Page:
I won't be at OSCON, but as it turns out I'll be in San Diego from Monday through Saturday next week anyway, for Pacific Yearly Meeting of the Religious Society of Friends (Quakers).
I might be able to get away for a few hours. It would be really fun to meet with friends. I probably won't be in ready phone or email contact there, but get in touch and we'll see if we can set something up.
I think that computer-checked proofs are inevitable, but not particularly soon. None of the existing formal proof projects are Web-aware in the sense of fostering distributed collaboration. The big step, I think, will have to be taken by someone who understands the Web deeply, and enough formal logic to get by. I have the feeling that huge technical prowess is not necessary. Making a usable system doesn't have much to do with "corner cases" in logic.
As Bram points out, I think the big technical issue is making proofs robust with respect to choice of details. In existing systems, they seem to be fairly brittle. For example, Metamath uses the standard set-theoretic encoding of numbers. Proofs of theorems in number theory work no matter what encoding you choose, or even if you use an axiom system rather than an encoding. It shouldn't matter which axiom system you use either. In a sense, number theory is in terms of a "Platonic" ideal of numbers.
But you don't see that from looking at the proofs in the Metamath database. There, proofs are in terms of the specific encoding. Trying to adapt these proofs to a different encoding would probably be difficult, and would more likely than not involve digging into the proof itself.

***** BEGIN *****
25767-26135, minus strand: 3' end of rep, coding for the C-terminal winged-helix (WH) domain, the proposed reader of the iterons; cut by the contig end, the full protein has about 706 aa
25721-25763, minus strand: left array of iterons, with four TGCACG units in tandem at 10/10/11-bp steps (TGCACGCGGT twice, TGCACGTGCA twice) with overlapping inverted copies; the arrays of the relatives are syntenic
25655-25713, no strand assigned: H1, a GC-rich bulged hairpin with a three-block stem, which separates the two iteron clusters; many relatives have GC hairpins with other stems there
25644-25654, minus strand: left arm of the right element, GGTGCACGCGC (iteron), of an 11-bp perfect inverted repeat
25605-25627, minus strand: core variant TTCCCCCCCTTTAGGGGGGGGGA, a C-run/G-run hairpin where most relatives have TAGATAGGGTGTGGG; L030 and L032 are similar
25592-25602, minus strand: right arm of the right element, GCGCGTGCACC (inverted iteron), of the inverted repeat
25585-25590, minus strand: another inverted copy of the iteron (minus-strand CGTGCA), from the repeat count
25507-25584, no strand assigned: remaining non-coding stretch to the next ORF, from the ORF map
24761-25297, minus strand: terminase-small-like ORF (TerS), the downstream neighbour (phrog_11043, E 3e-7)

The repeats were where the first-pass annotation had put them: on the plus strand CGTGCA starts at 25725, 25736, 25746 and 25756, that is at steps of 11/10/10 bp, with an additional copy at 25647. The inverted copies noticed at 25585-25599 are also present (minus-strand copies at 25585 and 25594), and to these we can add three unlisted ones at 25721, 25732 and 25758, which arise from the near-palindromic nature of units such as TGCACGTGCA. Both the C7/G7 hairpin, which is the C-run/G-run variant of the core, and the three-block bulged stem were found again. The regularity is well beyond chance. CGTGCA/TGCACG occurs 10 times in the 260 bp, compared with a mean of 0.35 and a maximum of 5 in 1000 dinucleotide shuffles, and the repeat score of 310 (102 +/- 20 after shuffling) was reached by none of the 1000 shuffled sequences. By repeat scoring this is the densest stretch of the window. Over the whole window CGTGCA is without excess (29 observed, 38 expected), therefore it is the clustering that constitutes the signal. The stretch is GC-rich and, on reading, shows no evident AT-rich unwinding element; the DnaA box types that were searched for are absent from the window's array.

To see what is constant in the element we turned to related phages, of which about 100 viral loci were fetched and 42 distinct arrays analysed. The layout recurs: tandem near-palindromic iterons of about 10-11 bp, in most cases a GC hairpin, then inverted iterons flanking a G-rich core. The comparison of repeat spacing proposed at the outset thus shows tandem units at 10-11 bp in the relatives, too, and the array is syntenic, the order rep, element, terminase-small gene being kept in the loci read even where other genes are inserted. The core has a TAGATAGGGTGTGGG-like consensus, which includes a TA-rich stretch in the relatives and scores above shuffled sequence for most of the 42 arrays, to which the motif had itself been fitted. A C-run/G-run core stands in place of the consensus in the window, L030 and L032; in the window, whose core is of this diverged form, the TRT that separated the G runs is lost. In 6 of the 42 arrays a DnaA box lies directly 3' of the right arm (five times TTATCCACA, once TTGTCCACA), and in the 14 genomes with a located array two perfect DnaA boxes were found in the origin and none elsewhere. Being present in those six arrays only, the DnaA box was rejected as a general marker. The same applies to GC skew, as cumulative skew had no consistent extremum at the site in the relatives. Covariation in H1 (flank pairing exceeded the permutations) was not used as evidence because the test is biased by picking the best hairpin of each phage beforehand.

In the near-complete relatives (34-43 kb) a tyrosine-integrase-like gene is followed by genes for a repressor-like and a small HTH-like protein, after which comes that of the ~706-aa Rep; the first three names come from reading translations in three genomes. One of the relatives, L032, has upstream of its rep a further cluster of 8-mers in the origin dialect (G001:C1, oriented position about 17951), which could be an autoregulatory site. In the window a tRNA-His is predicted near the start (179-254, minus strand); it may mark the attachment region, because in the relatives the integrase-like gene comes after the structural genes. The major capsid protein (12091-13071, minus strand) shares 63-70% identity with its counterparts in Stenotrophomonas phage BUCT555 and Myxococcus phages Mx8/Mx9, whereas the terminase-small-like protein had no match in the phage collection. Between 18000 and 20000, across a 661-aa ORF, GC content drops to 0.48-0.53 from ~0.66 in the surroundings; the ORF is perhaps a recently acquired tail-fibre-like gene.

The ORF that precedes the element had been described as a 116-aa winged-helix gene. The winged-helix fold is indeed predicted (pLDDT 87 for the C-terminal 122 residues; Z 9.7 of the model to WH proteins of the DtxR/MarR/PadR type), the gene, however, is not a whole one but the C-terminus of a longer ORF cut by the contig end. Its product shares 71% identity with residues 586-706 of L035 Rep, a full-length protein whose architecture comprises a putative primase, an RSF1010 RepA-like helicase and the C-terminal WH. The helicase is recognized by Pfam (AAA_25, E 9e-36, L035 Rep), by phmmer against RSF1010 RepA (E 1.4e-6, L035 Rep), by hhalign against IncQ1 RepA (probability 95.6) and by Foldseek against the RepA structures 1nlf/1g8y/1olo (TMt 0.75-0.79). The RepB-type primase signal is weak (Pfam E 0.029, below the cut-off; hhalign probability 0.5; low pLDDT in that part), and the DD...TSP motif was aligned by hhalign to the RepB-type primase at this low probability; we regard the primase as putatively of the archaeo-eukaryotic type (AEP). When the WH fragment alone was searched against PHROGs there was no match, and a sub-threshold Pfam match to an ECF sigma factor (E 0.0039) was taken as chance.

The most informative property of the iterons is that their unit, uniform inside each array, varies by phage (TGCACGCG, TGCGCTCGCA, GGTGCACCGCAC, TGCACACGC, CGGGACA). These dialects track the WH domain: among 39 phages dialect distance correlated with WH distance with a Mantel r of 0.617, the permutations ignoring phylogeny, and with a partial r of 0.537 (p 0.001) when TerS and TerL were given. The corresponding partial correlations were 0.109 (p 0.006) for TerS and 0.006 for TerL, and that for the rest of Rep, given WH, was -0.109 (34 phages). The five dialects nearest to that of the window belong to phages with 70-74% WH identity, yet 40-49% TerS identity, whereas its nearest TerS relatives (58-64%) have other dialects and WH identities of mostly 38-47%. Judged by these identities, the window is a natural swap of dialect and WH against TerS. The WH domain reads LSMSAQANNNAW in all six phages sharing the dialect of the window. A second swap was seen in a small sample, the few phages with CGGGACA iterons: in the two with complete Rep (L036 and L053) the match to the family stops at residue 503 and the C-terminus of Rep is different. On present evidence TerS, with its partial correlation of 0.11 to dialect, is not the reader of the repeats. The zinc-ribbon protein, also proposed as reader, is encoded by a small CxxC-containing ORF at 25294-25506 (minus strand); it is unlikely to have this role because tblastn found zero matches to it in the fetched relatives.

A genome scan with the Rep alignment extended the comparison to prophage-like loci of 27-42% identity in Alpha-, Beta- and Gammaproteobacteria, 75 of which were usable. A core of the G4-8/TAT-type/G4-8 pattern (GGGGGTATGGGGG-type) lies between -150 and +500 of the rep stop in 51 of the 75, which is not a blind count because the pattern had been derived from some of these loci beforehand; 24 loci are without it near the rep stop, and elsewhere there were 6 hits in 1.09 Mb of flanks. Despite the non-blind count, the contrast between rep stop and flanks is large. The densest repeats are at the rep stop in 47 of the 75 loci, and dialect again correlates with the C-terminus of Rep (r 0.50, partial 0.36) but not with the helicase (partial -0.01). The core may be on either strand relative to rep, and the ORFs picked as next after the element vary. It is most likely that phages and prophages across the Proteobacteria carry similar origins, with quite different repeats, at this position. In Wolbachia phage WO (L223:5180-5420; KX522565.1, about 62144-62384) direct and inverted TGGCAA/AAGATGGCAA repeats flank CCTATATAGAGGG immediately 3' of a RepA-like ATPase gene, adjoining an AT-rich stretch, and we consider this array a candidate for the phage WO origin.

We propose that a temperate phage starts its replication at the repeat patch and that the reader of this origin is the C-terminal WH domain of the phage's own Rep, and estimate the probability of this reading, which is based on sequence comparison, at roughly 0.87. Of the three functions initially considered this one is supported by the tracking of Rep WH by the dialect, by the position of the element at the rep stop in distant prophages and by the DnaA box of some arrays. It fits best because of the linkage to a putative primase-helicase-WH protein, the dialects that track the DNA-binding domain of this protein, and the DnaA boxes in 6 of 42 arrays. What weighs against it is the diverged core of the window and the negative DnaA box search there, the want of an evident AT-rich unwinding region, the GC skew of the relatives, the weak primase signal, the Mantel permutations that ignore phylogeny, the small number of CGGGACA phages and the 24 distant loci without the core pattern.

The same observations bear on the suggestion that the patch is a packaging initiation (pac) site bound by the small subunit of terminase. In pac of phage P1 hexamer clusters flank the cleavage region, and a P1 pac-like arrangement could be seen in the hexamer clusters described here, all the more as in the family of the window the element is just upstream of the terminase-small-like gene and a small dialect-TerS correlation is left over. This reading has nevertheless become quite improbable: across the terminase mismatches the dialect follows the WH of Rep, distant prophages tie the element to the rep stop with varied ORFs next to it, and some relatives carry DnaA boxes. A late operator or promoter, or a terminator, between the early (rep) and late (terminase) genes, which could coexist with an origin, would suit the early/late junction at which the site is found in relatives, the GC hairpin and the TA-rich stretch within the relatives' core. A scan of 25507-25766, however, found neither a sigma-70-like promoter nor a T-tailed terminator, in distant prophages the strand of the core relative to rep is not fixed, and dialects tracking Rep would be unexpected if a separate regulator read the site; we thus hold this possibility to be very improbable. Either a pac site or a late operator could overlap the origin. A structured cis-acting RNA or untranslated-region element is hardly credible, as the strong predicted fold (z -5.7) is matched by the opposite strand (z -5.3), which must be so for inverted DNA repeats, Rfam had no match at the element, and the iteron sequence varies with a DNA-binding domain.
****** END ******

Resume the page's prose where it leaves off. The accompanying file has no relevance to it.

For example, this is a theorem in the standard set-theoretic encoding of naturals: forall x and y, x > y <=> x = x \union y. However, in other encodings it will be false, and in others it will have no meaning. Somehow, you have to show that the proof is respecting the abstraction, not piercing it and accessing the encoding. Metamath, while brilliant in many other respects, doesn't seem to have an easy way of doing this.
In logic, "any theorem over naturals in one encoding is also a theorem in any other encoding" is known as a meta-theorem. Ordinarily, you can apply a theorem using plain old substitution (and, usually, some constraints that variables are disjoint). However, the rules for meta-theorems are hairier.
I'm convinced, though, that the understanding of the Web must run deep, or the project has little hope. In fact, there seem to be two fairly large-scale projects to formalize math in a machine-checkable form, both initiated by mathematicians, and neither with a high profile today. One, Mizar has nonfree software, and uses the structure of a refereed journal. Another, QED, doesn't look like it's been updated in a while. I haven't seen anyone even try to adapt a proof done in one system into another.
I should also mention NuPrl, which is GPL. The focus is a bit more on automated theorem proving, although they do seem to have nice library of proofs. Also, NuPrl is based on constructive logic.